Awasthi was referring to a few Maoist leaders of Jharkhand-Bihar special area committee of the CPI (Maoist) like Pradyuman Sharma, Sandeep Yadav and Arvind Yadav. While Sharma had paid Rs 22 lakh donation to get admission for his niece in a private medical college, Arvind paid Rs 12 lakh for his brother’s admission in a private engineering college. The ED had registered cases against these individuals under the Prevention of Money Laundering Act, attached properties worth Rs 1.5 crore and 32 acres land, seized Rs 2.45 crore in cash, including Rs 1 crore during demonetisation.
“Extortion from tendu leaf business to road construction is a major source of funds for the Maoists. Ideology has long been lost and this has become a business for them. The estimated size of the Maoist economy is Rs 200-300 crore in Bastar,” said Awasthi.
Fund generating sources
A surrendered Maoist, interviewed by Firstpost, revealed that besides taking money from villagers, labourers and tendu leaf pluckers as a ‘levy’ – often known as ‘protection money’, a significant chunk of funds comes from extortion from road and mining contractors, stone quarry operators, transporters and industries operating in Naxal-affected districts.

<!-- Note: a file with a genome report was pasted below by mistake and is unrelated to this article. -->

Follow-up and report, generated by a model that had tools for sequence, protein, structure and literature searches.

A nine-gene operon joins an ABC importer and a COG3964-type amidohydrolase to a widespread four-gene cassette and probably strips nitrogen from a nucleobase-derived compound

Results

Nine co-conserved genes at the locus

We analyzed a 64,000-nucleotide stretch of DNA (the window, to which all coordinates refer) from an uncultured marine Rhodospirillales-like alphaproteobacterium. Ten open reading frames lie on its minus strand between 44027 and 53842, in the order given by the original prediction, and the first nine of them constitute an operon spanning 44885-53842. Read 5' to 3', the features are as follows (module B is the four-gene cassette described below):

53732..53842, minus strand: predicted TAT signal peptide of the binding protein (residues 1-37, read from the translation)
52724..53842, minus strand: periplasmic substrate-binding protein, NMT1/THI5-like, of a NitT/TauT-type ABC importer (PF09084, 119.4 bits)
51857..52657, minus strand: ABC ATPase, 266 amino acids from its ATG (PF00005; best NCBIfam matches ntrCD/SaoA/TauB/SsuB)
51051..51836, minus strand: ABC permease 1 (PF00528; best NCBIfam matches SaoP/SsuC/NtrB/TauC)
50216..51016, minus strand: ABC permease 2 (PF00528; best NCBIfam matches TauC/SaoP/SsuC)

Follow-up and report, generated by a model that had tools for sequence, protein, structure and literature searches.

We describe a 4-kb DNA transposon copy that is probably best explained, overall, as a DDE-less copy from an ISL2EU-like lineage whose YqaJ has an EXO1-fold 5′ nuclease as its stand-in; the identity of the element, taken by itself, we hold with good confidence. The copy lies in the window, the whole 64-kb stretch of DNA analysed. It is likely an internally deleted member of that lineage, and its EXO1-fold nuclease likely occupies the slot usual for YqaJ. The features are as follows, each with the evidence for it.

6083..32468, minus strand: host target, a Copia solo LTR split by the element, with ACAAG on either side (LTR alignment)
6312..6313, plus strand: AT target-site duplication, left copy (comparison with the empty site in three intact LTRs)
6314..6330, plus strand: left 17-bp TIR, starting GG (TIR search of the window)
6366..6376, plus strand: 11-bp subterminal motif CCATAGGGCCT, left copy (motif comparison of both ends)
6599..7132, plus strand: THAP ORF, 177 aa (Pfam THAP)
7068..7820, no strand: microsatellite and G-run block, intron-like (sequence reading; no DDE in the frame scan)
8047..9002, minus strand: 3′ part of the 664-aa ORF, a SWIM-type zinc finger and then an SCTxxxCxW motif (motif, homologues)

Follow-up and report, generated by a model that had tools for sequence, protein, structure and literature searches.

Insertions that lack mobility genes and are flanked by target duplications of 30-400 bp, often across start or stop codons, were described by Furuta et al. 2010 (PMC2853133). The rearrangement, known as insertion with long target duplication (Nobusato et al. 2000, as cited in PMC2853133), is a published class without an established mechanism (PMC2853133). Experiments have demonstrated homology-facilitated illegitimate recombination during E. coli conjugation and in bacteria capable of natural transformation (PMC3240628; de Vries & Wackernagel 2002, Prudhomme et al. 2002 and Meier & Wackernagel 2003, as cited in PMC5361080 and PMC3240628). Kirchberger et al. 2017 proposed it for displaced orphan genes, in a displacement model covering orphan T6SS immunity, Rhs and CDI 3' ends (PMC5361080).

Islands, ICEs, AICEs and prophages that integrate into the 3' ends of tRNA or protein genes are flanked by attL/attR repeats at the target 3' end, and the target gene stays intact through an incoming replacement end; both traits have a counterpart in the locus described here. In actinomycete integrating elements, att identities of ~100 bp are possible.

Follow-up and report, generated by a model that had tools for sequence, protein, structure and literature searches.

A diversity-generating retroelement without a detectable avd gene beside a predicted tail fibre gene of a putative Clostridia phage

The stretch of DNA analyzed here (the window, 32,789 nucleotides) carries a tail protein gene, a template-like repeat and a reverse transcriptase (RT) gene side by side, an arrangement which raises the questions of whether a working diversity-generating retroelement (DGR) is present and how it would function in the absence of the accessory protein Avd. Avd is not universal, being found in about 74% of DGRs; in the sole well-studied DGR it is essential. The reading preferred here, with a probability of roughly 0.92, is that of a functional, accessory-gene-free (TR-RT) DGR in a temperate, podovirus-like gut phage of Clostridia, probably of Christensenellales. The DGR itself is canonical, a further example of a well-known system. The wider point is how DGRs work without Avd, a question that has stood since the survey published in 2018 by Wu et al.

Development and extortion form a vicious cycle. As the government has been aggressively building roads under the Pradhan Mantri Gram Sadak Yojna and Road Requirement Plan (RRP) in Left Wing Extremism (LWE) affected areas, it has become a big source of income for the Maoist cadres. The roads under the RRP connect heavily affected areas like Dantewada to Sukma or Bastar to Narayanpur, etc. The frontal organisations of Maoists extort a huge sum of money from contractors, sub-contractors and labourers both as a levy and protection fee. Usually, the armed cadre — People’s Liberation Guerrilla Army — stay away from interacting directly with the contractors on this matter.